On October 1, 1863, the United States Government extended its authority without formal purchase over the territory of the “Western Shoshoni” and included within it the northern part of the lands occupied by the Northern Paiute under discussion.

The Government assumed “the right of satisfying their claim by assigning them such reservations as might seem essential for their occupancy, and supplying them in such degree as might seem proper with necessaries of life” (Royce, 1899).

By virtue of the authority thus granted, a mill and timber reserve was created on Truckee River by Executive order, April 24, 1864, for the Pyramid Lake Indians. In December 1864 Eugene Monroe surveyed a reservation for the Paiute at Walker River, and in January 1865 he surveyed another at Pyramid Lake. The former was set aside by Executive order March 19, 1874, and the latter 4 days later.

“The remainder of the Pai Ute country,” says Royce, “[was] taken possession of by the United States without formal relinquishment by the Indians.” On the other hand, the Indians by no means confined themselves to these reservations.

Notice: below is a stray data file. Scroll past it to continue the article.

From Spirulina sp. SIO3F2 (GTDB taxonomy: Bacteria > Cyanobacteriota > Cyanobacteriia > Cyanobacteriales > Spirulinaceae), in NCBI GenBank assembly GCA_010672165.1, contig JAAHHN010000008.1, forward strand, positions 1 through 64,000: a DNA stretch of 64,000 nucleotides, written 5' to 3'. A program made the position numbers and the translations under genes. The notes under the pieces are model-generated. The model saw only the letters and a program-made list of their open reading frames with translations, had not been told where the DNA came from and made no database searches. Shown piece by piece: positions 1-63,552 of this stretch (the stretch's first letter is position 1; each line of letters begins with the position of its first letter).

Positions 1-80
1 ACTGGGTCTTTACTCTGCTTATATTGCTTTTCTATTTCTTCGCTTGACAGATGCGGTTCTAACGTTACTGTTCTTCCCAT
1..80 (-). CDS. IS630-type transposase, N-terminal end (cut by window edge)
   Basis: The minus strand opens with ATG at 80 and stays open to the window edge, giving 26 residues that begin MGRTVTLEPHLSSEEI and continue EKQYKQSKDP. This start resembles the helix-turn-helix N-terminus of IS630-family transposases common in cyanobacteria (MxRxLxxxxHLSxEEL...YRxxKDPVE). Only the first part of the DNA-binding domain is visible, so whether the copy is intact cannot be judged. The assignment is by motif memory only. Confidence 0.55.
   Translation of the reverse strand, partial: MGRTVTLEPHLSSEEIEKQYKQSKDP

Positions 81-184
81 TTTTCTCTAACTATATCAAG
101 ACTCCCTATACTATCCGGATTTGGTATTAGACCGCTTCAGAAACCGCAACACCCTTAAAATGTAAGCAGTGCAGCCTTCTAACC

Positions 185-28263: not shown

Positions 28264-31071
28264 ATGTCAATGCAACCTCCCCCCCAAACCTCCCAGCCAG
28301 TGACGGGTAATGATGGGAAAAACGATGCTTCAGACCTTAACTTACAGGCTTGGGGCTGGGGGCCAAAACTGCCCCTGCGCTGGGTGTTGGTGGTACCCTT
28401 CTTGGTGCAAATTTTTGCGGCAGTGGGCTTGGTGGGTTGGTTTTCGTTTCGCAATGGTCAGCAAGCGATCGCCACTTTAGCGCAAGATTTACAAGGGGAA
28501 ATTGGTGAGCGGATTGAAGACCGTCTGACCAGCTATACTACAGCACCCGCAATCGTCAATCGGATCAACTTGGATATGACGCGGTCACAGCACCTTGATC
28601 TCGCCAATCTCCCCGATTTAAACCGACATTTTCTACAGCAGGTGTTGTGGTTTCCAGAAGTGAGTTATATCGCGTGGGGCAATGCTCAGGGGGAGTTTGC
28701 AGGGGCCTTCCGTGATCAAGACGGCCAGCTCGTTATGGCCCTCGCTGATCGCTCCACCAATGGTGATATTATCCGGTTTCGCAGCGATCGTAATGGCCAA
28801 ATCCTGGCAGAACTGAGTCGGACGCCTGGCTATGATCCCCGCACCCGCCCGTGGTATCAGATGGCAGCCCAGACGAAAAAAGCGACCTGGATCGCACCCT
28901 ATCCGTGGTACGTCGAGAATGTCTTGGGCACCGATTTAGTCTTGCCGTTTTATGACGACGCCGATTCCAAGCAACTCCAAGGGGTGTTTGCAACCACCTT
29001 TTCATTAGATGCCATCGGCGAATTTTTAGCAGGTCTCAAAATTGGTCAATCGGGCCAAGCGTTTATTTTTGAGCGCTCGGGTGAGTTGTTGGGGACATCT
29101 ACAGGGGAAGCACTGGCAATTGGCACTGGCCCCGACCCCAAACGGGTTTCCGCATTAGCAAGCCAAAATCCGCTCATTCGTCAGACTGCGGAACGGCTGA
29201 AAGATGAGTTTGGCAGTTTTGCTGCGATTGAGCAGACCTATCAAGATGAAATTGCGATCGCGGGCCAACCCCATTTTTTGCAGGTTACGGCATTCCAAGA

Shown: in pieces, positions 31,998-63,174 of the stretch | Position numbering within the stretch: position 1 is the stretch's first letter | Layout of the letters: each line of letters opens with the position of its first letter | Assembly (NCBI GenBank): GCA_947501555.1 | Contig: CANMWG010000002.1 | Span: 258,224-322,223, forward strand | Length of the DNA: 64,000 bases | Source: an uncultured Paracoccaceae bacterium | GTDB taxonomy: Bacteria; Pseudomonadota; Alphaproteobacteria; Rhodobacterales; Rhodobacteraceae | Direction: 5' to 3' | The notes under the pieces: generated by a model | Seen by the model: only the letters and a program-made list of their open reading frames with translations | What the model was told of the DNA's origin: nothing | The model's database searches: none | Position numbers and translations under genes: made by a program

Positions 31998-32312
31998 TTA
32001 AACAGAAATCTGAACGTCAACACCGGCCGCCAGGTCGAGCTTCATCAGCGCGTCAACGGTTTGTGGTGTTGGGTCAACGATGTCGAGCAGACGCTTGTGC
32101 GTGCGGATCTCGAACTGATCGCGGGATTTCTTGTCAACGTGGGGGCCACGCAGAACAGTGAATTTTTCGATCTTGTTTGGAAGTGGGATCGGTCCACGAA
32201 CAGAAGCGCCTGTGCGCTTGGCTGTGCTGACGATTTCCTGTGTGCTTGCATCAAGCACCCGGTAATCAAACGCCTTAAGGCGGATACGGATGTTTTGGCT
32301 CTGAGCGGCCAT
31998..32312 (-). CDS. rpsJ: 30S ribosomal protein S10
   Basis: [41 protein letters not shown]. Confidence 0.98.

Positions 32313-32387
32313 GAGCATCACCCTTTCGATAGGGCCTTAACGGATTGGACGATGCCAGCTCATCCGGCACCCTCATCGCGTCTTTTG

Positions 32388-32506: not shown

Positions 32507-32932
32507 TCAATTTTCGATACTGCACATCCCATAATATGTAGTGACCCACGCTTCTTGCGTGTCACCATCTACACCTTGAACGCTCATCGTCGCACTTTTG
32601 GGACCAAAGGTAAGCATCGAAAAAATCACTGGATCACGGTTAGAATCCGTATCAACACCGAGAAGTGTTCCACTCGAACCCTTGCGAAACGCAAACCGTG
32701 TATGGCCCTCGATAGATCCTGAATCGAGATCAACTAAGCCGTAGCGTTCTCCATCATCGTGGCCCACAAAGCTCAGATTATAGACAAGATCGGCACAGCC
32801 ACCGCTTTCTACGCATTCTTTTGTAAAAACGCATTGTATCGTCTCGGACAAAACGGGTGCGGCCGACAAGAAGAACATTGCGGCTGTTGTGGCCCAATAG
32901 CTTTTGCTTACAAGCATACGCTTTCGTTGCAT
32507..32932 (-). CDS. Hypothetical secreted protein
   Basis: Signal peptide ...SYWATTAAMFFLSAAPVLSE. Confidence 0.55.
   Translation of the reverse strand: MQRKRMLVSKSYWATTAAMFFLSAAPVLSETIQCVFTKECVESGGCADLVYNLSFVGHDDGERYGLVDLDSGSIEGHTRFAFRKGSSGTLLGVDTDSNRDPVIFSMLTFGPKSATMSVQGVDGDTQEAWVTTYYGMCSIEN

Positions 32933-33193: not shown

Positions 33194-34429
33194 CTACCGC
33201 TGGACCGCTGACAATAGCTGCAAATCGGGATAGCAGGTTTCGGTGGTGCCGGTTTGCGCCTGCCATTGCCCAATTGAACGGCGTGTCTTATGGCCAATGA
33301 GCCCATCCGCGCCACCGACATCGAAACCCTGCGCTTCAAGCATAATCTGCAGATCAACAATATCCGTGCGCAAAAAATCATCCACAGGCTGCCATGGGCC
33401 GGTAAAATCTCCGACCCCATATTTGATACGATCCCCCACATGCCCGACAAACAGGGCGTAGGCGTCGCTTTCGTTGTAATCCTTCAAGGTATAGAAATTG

Northern Paiute Population

Mooney (1928) estimated that this division, i. e., the tribes embraced under the name of Northern Paiute, and the true or Southern Paiute numbered 7,500 in 1845. The figures given in the Report of the Indian Office for 1903 indicate a population of about 5,400 for the group. The Census of 1910 reports 1,448 “Mono” and 3,038 Paviotso, a total of 4,486, but the United States Indian Office Report of 1923 seems to give a total of more than 13,000. This is evidently erroneous. The United States Census of 1930 reported 4,420. The figures of the United States Indian Office in 1937 seem to yield 4,108, after subtracting 270, which plainly belonged to the Southern Paiute.

Uto-Aztecan Language Family